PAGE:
I got up early and had my porridge delivered by room service at 6.30 am, not because I am posh, but breakfast downstairs was too late to allow me to digest before running.
At 8am I jogged round to warm up, joining the thousands of participants.
As well as the marathon there was a fun run, an eight-mile walk and wheelchair race - 20,000 people in all. Belfast was rammed.
Although I didn't know anyone, my friends at the Law Society of Northern Ireland had told their two relay teams to look out for a middle-aged guy in a black Batman top and a Chicago baseball cap.
They might have added "and a worried expression" to that description.
I was spotted and they offered to run with me, but I graciously declined, not wanting to hold them back.
The route took in some interesting areas.
The Falls Road was on the way - complete with the new Gerry Adams mural, and about two minutes further on we crossed over the Shankill (I never knew they were so close to each other).
Spectators lined the route, several deep in the city centre sections, and as predicted, the Batman top was a draw to the eye.
I lost count of the shouts of encouragement - and a few of humour and even ridicule - during the race.
I hit the wall at 17.5 miles, after the four miles or so of the Antrim Road - all uphill, followed by a twisting route down to the river cyclepath.
I took nearly six hours. But it was never about a time, it was only about preparing, training, improving my diet, and completing the project.
I am coming up to my 55th birthday, after all.
I can now tell you what I kept to myself and the First Lady - that I damn near missed out on running the race at all.
Regular readers will recall I had two incidents during training - one was food poisoning, which just put me out of the running game for a couple of weeks, and the other was a busted left knee/leg/foot.
The latter problem was bad. I never really recovered, and whenever I ran I had substantial pain in the metatarsal area under my right foot.
My final run - not that I knew it would be the last - before the race was on April 28. I did a neat little three miles on the treadmill.
The following morning I was hirpling like a zombie, dragging one leg behind me.
Ok, I understand that in an ideal world I would have let myself heal. But the stakes were too high.
I've written before that the publicity surrounding my efforts is something I am extremely conscious of, and the responsibility created by raising thousands of pounds for St Margaret's Hospice has been both carrot and stick.
There was simply no way I would not be at the starting line on Monday.
My weekly column has been about personal responsibility, achievement and objectivity.
The final preparations for this race have been a perfect case in point.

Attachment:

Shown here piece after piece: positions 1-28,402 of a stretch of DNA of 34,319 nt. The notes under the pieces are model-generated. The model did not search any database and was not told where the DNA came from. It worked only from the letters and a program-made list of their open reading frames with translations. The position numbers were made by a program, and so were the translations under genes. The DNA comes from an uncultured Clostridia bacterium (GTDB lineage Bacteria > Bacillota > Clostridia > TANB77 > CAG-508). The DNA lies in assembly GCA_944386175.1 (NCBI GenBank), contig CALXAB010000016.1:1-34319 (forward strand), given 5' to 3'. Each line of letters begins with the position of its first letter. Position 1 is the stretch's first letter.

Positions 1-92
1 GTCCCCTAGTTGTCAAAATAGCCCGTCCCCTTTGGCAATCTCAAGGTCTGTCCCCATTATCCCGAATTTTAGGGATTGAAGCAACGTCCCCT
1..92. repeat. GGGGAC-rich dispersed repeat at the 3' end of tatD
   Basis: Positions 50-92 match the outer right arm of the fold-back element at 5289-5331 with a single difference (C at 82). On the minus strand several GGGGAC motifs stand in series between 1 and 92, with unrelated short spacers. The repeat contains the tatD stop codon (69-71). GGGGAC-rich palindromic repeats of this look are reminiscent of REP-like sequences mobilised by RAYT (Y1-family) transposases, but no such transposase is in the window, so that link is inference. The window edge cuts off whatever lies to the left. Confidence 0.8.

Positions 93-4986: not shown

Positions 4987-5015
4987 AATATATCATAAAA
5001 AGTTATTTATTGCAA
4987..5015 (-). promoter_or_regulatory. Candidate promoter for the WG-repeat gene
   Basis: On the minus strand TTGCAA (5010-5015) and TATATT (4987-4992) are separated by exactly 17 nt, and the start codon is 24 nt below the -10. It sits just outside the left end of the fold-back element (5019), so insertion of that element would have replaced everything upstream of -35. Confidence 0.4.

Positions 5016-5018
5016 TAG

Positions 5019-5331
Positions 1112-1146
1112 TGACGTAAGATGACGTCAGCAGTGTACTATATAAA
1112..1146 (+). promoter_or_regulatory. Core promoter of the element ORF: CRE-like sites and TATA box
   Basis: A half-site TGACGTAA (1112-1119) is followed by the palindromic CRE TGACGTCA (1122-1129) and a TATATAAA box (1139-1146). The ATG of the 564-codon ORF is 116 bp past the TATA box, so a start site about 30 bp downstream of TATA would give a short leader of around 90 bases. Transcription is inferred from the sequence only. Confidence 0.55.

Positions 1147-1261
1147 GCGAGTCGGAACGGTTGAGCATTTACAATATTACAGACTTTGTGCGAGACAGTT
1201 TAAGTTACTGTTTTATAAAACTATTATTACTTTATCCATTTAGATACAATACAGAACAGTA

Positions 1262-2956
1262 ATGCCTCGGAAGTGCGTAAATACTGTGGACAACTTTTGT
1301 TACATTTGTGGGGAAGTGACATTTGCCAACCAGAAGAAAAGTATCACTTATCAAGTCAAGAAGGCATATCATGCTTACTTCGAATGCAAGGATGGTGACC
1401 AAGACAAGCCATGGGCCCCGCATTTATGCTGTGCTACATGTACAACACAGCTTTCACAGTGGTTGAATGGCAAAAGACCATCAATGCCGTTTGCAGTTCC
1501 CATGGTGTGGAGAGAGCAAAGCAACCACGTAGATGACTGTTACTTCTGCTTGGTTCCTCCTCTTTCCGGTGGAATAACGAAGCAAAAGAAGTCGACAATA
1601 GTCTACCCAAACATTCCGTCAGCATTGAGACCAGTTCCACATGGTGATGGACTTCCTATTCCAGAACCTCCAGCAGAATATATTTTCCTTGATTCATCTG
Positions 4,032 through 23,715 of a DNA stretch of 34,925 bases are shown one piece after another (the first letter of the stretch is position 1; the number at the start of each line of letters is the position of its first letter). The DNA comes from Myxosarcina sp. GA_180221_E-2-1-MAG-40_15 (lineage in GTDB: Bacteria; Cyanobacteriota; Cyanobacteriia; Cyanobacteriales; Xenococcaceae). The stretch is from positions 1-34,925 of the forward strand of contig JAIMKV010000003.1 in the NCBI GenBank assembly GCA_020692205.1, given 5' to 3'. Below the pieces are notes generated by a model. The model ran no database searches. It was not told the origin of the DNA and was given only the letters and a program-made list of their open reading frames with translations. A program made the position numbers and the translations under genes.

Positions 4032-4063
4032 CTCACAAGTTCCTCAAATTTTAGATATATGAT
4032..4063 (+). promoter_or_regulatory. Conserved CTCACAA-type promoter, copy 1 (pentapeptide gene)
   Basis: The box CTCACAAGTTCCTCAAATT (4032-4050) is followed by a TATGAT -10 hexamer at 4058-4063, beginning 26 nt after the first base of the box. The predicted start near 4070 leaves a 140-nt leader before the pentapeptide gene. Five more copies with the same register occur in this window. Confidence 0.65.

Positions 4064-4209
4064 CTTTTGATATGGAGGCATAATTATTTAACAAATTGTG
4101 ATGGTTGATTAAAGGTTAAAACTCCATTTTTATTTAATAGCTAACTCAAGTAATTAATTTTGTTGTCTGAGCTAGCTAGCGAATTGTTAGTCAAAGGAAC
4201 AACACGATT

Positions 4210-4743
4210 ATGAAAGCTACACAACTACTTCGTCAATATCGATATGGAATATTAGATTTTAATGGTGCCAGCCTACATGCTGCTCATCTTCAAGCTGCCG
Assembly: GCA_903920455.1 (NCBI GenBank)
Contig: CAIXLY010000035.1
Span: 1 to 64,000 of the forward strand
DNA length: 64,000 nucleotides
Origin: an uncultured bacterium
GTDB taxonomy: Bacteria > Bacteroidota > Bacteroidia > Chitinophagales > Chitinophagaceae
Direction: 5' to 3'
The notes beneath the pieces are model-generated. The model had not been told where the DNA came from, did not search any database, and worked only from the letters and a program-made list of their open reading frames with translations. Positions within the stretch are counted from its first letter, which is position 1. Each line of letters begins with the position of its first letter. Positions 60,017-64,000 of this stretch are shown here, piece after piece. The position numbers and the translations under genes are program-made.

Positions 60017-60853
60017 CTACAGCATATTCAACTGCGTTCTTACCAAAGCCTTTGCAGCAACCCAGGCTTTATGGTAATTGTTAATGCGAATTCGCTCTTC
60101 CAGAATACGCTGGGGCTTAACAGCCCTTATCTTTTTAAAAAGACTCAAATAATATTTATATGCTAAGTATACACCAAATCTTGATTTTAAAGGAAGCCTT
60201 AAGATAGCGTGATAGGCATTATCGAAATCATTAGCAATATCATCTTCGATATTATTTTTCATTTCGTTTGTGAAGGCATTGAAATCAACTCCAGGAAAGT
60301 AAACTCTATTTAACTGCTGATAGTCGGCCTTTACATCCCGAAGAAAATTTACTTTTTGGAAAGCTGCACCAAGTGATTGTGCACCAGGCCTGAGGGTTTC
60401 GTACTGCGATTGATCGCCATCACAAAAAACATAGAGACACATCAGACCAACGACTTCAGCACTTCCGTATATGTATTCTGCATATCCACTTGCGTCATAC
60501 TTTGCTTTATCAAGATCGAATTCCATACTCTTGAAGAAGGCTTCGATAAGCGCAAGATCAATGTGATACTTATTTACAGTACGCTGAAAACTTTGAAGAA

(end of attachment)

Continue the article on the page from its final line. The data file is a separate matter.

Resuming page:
Ultimately you can get support, friendship, advice, encouragement, but it is up to me. No matter how deep, I had to dig out the attitude, performance and guts to run 26 miles.
Before I finish, I want to thank a number of people.
Evening Times readers have been supportive and interested in my progress.
Friends and colleagues have encouraged me, and/or made financial contributions to my charity effort.
Between www.justgiving.com/AustinLafferty and some old-fashioned cash and cheques, I have raised more than £3000.
I was stunned when an elderly friend told me he would offer £10,000 between a current payment and a will bequest.
Apart from there being no way I would not have been at the start or finish lines, I am actually humbled by the faith shown in me and the generosity of many people with their own concerns and charitable interests.
I must thank our friends Imelda and Jim McMillan, who looked after us in Belfast and I must pay tribute to my wife Yvonne.
Her positive thinking, relentless cooking of carbs, and occasional corrective remark, all helped me a great deal.
So I did it, and I am proud of myself. But I think I may give the running a rest for a while.
At least until I stop limping. Anyone need an extra for a Zombie movie?
Actually, this column should stop there. The last few months of writing for you have been fun, and have been about health fitness, diet, but all predicated on the race, which has now been run.
But it all seems to have struck a chord. The Evening Times has asked me to stay on, writing on these subjects regularly in a wider context.
I will be delighted to do so, as I believe any encouragement I can give in no matter how small a way is worthwhile if readers can take the example of a middle-aged deskbound man who tends to over-eat, and do better.